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“Making a decision to have a child – it’s momentous. It is to decide forever to have your heart go walking around outside your body.”~ Elizabeth Stone
Why is it that the minute you get married or enter into a committed relationship, people – your parents, friends, co-workers, doctors, pastor, neighbors, and even the mailman begin to ask you when you’re going to have kids? This is especially true if you are in your 20s because people naturally assume that if you’re young, healthy, and in a committed relationship, you should get pregnant – the sooner, the better.
More specifically, these “Nosy Nancys” believe that if you’re 20-something and in love, your primary goal should be to fill your home with the giggles of sweet babies. So, what do they do? Ask you when you’re going to “add to your family” every. single. time. they see you. Really? Frustrating much? Absolutely!
Take a pause
However, in a way, it does make sense to start a family in your 20s. Why? Because, most women and men are their healthiest in their 20s, which means healthier eggs and sperm. You are also better equipped to stay up late with a crying infant and move around with a toddler aka get on the ground and roll around with him or her. These things can be more challenging for “older parents.” Hey, let’s be honest, once you hit your 30s, things slow down…way down.
So, what does this mean for a young, vibrant woman, who may want to be a “Mom” one day, or the young, active man, who’s always dreamed of being a “Dad?” It means the pressure is constantly mounting to “get pregnant.” And, believe me; this pressure is real and heavy.
It’s important, however, to at least acknowledge the benefits of waiting to have kids.
For instance, “older parents” typically have more wisdom and money. They also tend to have a lot of patience, which every person needs in abundance when “parenting” young and older children. These things also matter, but most people dismiss them, opting to focus almost exclusively on the idea of healthy eggs and sperm.
If you’re wondering if you should get pregnant in your 20s, look no more, this article can help you decide when it’s the right time for you to “get pregnant” – regardless of the pressure.
Read the longer version
You can learn more about pressure to get pregnant in your 20s, the benefits of getting pregnant in your 20s, pressure to get pregnant before 30, and how to deal with pressure to start a family by reading the following articles: Ways to Deal with Societal Pressure to Get Pregnant by Bonobology, The Pressure of Getting Pregnant by Professor’s House, When In-Laws Pressure You to Have a Child by Family Education, How to Cope When People Ask When You’re Going to Have Kids by Very Well Family, and Age and Fertility: Getting Pregnant in Your 20s by Baby Center.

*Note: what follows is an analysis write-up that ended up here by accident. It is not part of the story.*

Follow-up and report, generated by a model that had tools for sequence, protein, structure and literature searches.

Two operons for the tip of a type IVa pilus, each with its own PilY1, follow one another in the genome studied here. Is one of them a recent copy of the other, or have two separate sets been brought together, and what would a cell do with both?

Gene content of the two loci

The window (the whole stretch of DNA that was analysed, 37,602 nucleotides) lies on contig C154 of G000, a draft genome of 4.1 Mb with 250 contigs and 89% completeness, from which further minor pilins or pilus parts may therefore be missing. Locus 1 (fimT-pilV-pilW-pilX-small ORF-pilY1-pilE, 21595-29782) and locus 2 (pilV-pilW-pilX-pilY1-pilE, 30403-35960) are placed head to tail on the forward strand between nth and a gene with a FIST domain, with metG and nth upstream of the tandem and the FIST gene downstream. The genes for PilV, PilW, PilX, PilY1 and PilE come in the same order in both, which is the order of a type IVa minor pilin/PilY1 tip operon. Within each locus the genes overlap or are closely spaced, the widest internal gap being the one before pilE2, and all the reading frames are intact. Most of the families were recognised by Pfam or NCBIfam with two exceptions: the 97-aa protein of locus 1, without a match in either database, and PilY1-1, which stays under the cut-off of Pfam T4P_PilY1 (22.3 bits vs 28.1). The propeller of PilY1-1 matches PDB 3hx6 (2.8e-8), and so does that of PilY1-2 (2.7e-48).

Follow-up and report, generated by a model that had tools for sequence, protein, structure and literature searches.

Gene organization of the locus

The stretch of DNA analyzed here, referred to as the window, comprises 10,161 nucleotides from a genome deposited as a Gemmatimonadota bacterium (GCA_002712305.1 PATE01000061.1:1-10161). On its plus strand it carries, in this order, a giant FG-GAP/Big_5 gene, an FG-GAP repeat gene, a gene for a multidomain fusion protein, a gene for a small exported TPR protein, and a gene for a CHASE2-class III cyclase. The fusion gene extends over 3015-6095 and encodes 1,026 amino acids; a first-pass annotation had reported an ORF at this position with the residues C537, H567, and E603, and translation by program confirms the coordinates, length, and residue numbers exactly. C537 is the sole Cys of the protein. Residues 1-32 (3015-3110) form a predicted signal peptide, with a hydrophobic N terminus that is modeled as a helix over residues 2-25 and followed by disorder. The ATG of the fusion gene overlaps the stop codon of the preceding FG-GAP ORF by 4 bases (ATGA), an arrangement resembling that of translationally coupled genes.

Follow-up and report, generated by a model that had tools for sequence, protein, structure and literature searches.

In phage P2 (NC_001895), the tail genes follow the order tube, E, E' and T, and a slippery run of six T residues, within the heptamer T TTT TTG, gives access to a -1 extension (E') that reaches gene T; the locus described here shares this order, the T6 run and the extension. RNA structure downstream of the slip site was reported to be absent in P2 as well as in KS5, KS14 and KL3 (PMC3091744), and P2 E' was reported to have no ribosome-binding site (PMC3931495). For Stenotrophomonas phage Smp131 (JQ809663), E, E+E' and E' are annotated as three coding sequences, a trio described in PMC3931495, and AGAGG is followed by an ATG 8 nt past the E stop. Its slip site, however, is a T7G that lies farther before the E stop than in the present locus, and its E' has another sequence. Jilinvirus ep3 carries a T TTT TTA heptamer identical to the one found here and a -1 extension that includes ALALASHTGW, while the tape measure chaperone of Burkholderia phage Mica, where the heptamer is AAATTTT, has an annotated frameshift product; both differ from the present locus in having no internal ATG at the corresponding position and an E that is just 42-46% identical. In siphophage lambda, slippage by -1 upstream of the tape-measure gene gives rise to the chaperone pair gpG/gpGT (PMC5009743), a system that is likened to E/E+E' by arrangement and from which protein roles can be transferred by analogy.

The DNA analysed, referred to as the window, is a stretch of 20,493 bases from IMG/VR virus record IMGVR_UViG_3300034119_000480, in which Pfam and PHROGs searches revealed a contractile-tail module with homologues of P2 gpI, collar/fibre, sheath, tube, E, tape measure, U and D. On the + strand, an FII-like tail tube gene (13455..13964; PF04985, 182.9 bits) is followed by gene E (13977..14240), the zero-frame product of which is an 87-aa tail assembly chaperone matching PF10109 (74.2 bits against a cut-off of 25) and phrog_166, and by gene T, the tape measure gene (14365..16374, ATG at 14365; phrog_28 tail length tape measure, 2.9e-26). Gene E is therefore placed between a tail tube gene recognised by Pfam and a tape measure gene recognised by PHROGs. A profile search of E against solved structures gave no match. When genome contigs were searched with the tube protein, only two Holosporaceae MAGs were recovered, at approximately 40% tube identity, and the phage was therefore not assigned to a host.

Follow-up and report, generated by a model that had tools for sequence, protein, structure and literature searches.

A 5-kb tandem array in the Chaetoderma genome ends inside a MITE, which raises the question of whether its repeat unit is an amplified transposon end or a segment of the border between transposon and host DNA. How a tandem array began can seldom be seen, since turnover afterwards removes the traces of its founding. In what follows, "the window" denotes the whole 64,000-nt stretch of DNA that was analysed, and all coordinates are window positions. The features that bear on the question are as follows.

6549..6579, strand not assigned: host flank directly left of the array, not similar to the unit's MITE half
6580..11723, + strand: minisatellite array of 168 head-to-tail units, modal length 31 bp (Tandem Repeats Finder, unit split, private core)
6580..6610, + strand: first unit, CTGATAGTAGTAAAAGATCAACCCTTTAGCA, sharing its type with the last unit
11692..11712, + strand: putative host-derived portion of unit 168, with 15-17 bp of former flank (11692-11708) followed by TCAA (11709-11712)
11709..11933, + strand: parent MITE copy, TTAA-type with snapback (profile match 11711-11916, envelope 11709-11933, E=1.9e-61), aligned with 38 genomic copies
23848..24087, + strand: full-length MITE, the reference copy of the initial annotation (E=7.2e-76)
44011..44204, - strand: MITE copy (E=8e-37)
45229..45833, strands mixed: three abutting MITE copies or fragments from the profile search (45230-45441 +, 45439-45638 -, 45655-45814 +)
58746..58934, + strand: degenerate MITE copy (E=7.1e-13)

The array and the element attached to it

Practice mindful meditation
When the pressure becomes too intense for you to bear, practice mindful meditation. Go somewhere quiet and private, close your eyes, and think about positive experiences, people, images, and events. If nothing comes to mind, focus on a specific word or phrase (mantra).
Keep saying that word or phrase until you are able to replace negative thoughts and feelings with more positive ones. The goal is to go someplace inside yourself where you feel safe and secure. The aim is to restore balance and peace in your life – peace that has been stripped away by the pressure to “get pregnant” before 30.
Set healthy boundaries
One way to cope with the pressure to start a family in your 20s is to set healthy boundaries with the people who stress you out. In other words, limit contact with the people who continue to pressure you to have kids. But, for those you can’t necessarily get away from (like family members and close friends), explain to them that it stresses you when they keep asking when you’re going to get pregnant.
Also, explain to them that you get why they are so anxious for you to have kids while you’re still young, but that the timing should be determined by you and your partner – not them. Be polite and respectful but also clear and firm with them. Lastly, reassure your loved ones and close friends that they’ll be the first ones to find out when you finally do get pregnant. Then, ask them not to question you about pregnancy until they hear the news from you. If they continue to pester you about getting pregnant before 30, it may be time to limit their access to you.
Lean on your partner
If you want to successfully combat pressure to “get pregnant” by 30, you’ll need to lean on your partner for support. No one understands what you’re going through better than him or her, because it is probably also affecting him or her. So, talk to your partner and tell him or her how the pressure is making you feel.
Be honest and open with your partner, and discuss when you’d like to start a family. Societal pressure can be overwhelming, but familial pressure can be even more daunting, so you’ll need each other to make it through the rough waters of “when to start a family.”
Remind each other that you are in it together, and focus on each other and your relationship. If you’re focused on each other, it’s harder for the naysayers to get into your mind and come between you. You have each other and you’ll know when it is the right time for you to get pregnant. Go with your gut, not with what others say, and you’ll be just fine.
About the Author
Dr. R. Y. Langham
Ph.D. in Family Psychology
Ree has a Master’s in Marriage and Family Therapy (M.M.F.T.) and a Ph.D. in Family Psychology. She spent over ten years counseling families, couples, individuals, and children on adjustment issues such as blended families, same-sex couples, dysfunctional family relationships, relationship issues, etc. Now she writes for famous health organizations and is a published author.
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